Get Rauzi Editorial Services

Huh? So how does this whole editing thing work?

A good editor is your most lovingly attentive — and yet deeply critical — reader. He or she wants nothing more than for every sentence to sing, for each paragraph to flow gracefully into the next.

But polishing paragraphs and smoothing out sentences are only part of the job. As an editor, I simultaneously evaluate structure, language, pace. Would that last paragraph be better as your opening? Is the article or chapter too long or too slight? I’m also checking your argument for holes and flaws in logic to make sure you’ll leave readers convinced. Finally, I’m looking for what’s not there. Are there other facts you need? Are there additional details that would flesh out a particular passage?

I work in Microsoft Word or Pages, using the Track Changes feature. This makes my edits transparent to the writer, and lets me insert specific comments or questions. Clients can accept my change, or revert to the original phrasing.

Editing, then, isn’t a process of making corrections. (If you need someone to attend to only spelling, grammar, punctuation or style, I can refer you to several terrific copy editors.) It’s a collaboration between a writer and an editor who both are equally invested in making a piece of writing as strong as possible.


What? Services we offer

Line editing. Sentence-by-sentence editing for nonfiction, including essays, magazine articles, white papers, reports, book chapters, op-eds, blogs and more.

Editorial consulting. Strategy for individual projects or planning for ongoing content development and delivery, such as web articles, blogs or newsletters.

Manuscript evaluation. Quick read-only assessment of appropriateness for target use or publication.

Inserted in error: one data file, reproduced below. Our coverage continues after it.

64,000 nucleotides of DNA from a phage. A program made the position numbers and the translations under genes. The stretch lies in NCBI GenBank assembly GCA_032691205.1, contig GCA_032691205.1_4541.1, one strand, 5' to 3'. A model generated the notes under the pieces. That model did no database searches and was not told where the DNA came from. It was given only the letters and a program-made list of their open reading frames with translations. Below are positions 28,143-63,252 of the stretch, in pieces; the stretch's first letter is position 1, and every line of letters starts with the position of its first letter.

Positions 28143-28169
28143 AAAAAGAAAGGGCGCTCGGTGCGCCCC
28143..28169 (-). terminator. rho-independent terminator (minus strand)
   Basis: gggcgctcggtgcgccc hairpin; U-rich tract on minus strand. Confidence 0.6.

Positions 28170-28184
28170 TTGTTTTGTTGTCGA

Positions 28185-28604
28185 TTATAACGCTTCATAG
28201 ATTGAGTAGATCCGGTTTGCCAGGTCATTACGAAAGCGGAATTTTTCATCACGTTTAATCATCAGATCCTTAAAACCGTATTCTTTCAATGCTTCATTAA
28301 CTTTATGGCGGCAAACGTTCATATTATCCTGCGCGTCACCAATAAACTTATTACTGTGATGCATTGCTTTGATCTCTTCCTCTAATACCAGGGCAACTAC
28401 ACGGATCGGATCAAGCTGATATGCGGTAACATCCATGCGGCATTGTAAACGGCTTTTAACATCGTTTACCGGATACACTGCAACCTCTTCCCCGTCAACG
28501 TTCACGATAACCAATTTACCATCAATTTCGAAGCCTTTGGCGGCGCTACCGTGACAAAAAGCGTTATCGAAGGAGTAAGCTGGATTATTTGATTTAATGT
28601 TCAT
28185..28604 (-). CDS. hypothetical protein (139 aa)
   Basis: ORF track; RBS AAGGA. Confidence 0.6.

Op-Eds. Op-ed writing, editing, targeting. Basically all things op-ed. See some samples of articles I helped place, and a few I wrote. 

Temporary staffing. Short-term assistance for publications short-handed because of illness, vacation or family leave.


Who? Meet the editor-in-chief

Greetings. Robin Rauzi here. 

Freelance editor Robin Rauzi.

I'm a freelance editor specializing in nonfiction, particularly opinion writing, cultural criticism, and personal essays and memoirs. I was a writer and editor at The Los Angeles Times for 13 years, the final few as an articles editor for the Opinion section,  where I helped activists, academics, journalists and political figures hone their arguments in op-eds.

I grew up in a small town in central Ohio, moved to Los Angeles to attend the prestigious USC film school at 18, and pretty much never left. Two Midwest winters at Ohio University (earning a master's degree from the E.W. Scripps School of Journalism) sent me scurrying back to warmer climes and a job as an arts and entertainment writer for The Times.

My approach to editing is deeply shaped by my experience in journalism, where it’s the job of an editor not just to point out problem spots, but to offer solutions. Years on a daily newspaper also mean I can get up to speed on new topics in a hurry and turn things around on a tight deadline.

I founded Get Rauzi Editorial Services in 2009 to provide high-caliber editing to companies, nonprofits, independent writers and staff-strapped publications.


How much? Hourly rates and project estimates

It depends. Do you have a 300-page book manuscript, or just a 600-word essay? Do you need a whole website created, or just a polish to your existing home page?